Battle of Zamboanga
Part of: War in Mindanao and Sulu
Fighters of the Mindanao Free Army celebrate a victory over Filipino-Mexican forces in North Lanao
Location Zamboanga Peninsula and northern Mindanao
Result - Moro victory
Flag of the Philippines Philippines
Flag of Mexico Mexico
Ph mnlf-tripoli Republic of Mindanao
Commanders and leaders
Flag of the Philippines Carlos P. Garcia
Flag of the Philippines Diosdado Macapagal
Flag of the Philippines Enrique Núñez
Flag of the Philippines Alberto Gonzales
Flag of the Philippines Pedro de Quiros
Flag of Mexico Voltaire de Peña
Ph mnlf-tripoli Ahmad Salahuddin
Ph mnlf-tripoli Karimal Sayid
Ph mnlf-tripoli Ferdinand Abdul-Salazar
Ph mnlf-tripoli Hamdan Rakman
Ph mnlf-tripoli Sindhi Sidartha
Ph mnlf-tripoli Abang Hashim

The Battle of Zamboanga (Malay: Pertempuran Zamboanga, Filipino: Laban sa Zamboanga, Spanish: Batalla de Zamboanga) was fought from December 4, 1961 to February 4, 1962 between the Mindanao Free Army, and the Philippine forces, with Mexican aid for control of the Zamboanga Peninsula. Taking place during the War in Mindanao and Sulu, the rejuvinated Mindanao Free Army defeated the joint Filipino and Mexican forces present in the Zamboanga Peninsula.

The mission and intent of the Filipino forces was to capture Ahmad Salahuddin and Karimal Sayid, the two most-wanted of the Filipino forces, with Karimal Sayid as the succeeding Commander-in-Chief of the Mindanao Free Army. The two had been reported to be in Zamboanga City.

The battle was a result of a Filipino incursion from their island fortress in Palawan, as a two-front attack, with an offensive brigade attacking from southeastern Palawan, followed by another attack from Visayas up north. The battle was concurrent with the Third Battle of Jolo, also ending in a Moro victory.

On midnight, December 1, 1961, MFA scout units in Visayas spotted high Filipino military activity in Negros Oriental. Karimal Sayid ordered the scouts to keep a close eye and report all Filipino military activity. Additionally, scouts from Balabac and Bataraza also spotted Filipino military activity in Palawan. The northern defenses of the MFA therefore, prepared themselves for the invasion.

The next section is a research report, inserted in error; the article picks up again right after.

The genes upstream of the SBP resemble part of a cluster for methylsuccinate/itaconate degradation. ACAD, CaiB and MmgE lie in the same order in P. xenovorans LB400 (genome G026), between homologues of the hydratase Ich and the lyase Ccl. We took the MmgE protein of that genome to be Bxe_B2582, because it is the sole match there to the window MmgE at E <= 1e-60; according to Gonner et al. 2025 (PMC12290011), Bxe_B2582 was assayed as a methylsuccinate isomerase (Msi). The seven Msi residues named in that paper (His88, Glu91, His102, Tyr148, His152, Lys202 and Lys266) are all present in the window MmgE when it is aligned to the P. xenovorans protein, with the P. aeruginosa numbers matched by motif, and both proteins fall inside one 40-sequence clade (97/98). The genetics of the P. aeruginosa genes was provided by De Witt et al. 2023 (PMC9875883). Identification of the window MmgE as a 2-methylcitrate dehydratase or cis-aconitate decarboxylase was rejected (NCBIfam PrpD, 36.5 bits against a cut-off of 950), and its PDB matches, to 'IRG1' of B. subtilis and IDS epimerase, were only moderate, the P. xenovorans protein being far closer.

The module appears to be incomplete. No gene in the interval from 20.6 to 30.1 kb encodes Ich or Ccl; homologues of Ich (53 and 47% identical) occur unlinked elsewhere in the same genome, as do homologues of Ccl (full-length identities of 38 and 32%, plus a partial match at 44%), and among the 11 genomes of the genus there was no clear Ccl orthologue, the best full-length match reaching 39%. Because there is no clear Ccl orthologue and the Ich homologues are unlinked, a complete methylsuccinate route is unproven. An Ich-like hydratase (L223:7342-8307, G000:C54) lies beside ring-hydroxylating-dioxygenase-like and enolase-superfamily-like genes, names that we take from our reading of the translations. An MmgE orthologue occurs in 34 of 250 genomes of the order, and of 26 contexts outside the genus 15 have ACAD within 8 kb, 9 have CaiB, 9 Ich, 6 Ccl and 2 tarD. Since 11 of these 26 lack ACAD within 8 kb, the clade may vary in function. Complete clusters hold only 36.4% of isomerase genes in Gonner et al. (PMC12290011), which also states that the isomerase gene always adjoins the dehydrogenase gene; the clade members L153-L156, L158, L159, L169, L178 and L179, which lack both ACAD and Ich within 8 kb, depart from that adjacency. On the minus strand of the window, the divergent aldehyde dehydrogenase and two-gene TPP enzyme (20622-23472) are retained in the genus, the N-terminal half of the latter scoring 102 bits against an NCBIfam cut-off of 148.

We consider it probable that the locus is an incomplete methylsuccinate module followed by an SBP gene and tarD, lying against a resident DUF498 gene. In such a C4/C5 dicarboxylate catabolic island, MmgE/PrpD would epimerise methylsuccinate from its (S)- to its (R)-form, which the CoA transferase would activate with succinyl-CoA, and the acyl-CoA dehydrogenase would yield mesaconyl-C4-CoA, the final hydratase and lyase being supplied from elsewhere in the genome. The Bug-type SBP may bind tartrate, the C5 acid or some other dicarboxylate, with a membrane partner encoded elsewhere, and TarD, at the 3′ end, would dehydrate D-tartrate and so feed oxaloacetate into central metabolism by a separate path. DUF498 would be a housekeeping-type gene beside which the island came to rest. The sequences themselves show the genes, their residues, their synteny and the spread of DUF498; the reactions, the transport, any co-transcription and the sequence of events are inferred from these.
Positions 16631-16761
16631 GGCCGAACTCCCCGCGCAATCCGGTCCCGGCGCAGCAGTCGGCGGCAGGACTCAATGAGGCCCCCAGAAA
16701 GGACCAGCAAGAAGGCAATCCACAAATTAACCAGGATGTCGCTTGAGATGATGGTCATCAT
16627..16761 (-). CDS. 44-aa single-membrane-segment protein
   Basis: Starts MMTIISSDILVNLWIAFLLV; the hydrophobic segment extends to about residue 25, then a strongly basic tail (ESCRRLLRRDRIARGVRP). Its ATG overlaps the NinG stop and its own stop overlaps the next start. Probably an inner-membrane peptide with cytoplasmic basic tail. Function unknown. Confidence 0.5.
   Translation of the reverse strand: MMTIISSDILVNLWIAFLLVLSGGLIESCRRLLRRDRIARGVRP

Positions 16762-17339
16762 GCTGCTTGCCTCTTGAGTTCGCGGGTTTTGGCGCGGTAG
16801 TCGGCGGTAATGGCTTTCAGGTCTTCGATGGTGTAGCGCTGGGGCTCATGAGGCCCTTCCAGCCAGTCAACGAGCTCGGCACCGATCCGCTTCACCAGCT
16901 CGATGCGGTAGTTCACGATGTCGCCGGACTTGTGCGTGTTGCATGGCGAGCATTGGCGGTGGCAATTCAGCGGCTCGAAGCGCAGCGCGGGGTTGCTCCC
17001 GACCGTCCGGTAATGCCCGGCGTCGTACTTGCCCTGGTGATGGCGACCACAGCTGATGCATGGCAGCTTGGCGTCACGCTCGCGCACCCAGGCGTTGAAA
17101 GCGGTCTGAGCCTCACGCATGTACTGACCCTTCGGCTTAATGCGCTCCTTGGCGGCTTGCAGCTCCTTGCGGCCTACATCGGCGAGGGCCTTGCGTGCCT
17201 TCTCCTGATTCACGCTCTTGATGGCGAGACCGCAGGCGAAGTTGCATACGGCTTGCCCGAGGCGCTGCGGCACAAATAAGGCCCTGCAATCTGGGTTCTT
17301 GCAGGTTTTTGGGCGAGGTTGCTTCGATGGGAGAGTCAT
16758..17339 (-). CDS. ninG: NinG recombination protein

The attacks began midnight on December 4, 1961, with Filipino and Mexican soldiers storming the poorly-defended northeastern coasts of the Zamboanga Peninsula. They overran much of the MFA defenses located there, and despite battling through stubborn MFA resistance, the Filipino and Mexican troops were able to push through and split themselves into two groups, with Army Group Uno to attack the MFA units in northern Mindanao while another Filipino army group simultaneously attacks them from Negros Oriental, thereby choking the northern units of the MFA.

Army Group Dos, would continue the incursion further south into Mindanao, in an attempt to meet the Filipinos in Jolo, and therefore, finally capitulate the Mindanao Free Army.

With the Moro victory in Jolo however, the Filipino plan failed, and backfired. The MFA-defended mountains of northern Mindanao proved to be near-impossible to penetrate and clear. Army Group Dos now found itself getting pincered with the Jolo Batallion, 2nd Maguindanao Division, 5th Lanao Divison and the Marawi City Batallion. Most of the Filipino soldiers fled, and went into hiding, others surrendered. Now with Army Group Dos gone, the MFA were able to finish off the remaining offensive units of Filipino troops from Negros Oriental.

The presence of Mexican soldiers aiding the Filipinos strengthened Moro motivation to fight the Filipino government. Karimal Sayid called the Filipinos "cowards" who "can't fight on their own".

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